The proposition of the Rapporteur is adopted unanimously.


The Rapporteur General explains that it has been difficult for the assembly to adopt a decision on the complex questions treated by Art. 6 (Recueil, pp. 27-29, and pp. 56, 57), for the mycologists meeting as a special committee had not arrived at a complete consensus. He read the text from this consensus, constructed thusly:

"For the fungi with pleomorphic life cycle, the successive diverse states of the same species (anamorphoses, status) bear only a single generic and specific name (binomial): the older, which has been given since the time of Fries’ Systema or of Persoon’s Synopsis to the state containing the form which one is agreed to name perfect, in a condition which moreover conforms to the rules.

"One admits as the perfect state that which results in the ascus phase in the Ascomycetes, in the basidium for the Basidiomycetes, in the teleutospore for the Uredinales, in the [brand]spore for the Ustilaginales.

"The generic and specific names given to other states are only of temporary value. They cannot serve to replace a generic name already existent and applied to one or more species, namely the one given as containing the form named ‘perfect.’"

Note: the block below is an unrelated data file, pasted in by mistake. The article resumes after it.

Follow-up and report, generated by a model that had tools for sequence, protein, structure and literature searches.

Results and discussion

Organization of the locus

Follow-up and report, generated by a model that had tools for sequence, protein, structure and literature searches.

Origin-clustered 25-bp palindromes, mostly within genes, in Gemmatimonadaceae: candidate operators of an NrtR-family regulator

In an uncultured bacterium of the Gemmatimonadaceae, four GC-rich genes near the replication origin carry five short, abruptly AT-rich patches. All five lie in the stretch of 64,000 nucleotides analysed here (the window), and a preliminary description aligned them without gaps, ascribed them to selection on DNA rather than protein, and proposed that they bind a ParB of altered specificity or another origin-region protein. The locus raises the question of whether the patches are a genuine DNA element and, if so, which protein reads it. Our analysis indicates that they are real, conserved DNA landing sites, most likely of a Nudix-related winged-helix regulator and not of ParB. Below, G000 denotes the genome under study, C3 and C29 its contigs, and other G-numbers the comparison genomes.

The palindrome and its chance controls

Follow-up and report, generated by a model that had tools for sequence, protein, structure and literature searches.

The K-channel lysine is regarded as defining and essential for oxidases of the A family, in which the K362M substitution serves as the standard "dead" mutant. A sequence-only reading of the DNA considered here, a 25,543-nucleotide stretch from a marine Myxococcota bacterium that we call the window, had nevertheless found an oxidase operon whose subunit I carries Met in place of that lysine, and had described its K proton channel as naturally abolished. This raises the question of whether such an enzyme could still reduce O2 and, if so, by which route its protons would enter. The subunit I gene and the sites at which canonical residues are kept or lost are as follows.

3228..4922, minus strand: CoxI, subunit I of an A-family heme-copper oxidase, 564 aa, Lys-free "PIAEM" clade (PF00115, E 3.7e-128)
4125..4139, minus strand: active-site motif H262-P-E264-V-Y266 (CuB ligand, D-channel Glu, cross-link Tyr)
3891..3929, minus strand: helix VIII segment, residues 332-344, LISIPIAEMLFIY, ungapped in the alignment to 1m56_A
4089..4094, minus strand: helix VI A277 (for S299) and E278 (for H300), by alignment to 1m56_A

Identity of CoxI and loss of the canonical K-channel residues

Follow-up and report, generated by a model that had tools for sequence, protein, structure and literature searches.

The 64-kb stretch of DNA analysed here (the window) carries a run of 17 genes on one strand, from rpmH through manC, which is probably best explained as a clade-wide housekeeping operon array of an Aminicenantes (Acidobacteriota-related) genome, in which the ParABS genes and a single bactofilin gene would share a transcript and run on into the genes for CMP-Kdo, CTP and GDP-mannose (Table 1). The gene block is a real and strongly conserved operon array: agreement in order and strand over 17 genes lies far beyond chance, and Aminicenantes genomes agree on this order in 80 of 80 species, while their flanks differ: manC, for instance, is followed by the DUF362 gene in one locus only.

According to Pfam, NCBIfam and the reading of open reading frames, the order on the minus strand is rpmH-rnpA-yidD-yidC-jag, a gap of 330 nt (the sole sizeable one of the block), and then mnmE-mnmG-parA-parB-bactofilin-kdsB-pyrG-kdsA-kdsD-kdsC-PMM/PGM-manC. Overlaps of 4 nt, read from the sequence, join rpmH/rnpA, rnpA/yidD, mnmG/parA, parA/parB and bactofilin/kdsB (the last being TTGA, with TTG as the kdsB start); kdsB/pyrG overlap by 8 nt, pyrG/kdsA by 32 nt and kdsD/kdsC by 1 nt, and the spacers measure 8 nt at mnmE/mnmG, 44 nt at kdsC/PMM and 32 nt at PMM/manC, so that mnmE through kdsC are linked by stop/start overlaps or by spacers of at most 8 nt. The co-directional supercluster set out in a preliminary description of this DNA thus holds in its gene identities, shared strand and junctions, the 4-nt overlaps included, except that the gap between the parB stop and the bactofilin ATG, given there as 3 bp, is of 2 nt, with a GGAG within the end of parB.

Prof Magnus thinks that one cannot justly mention in the proposed article the names of Fries and Persoon, because the article is applicable to all names that have been made, regardless of whether their authors are called Sowerby, Nees, Fries, Persoon, etc..

The Rapporteur General responds that there is an advantage here in mentioning the starting point for mycological nomenclature in order to eliminate with certainty the names anterior to the starting point which one will be able to prove as causing intervention in the application of the article.

[p. 64] Lieut.-Col. Prain and Mr. Atkinson again address various recommendations of detail to the Editorial Commission, then the above article is put to a vote by the President, and is adopted by a large majority (two votes representing nine voting ballots against).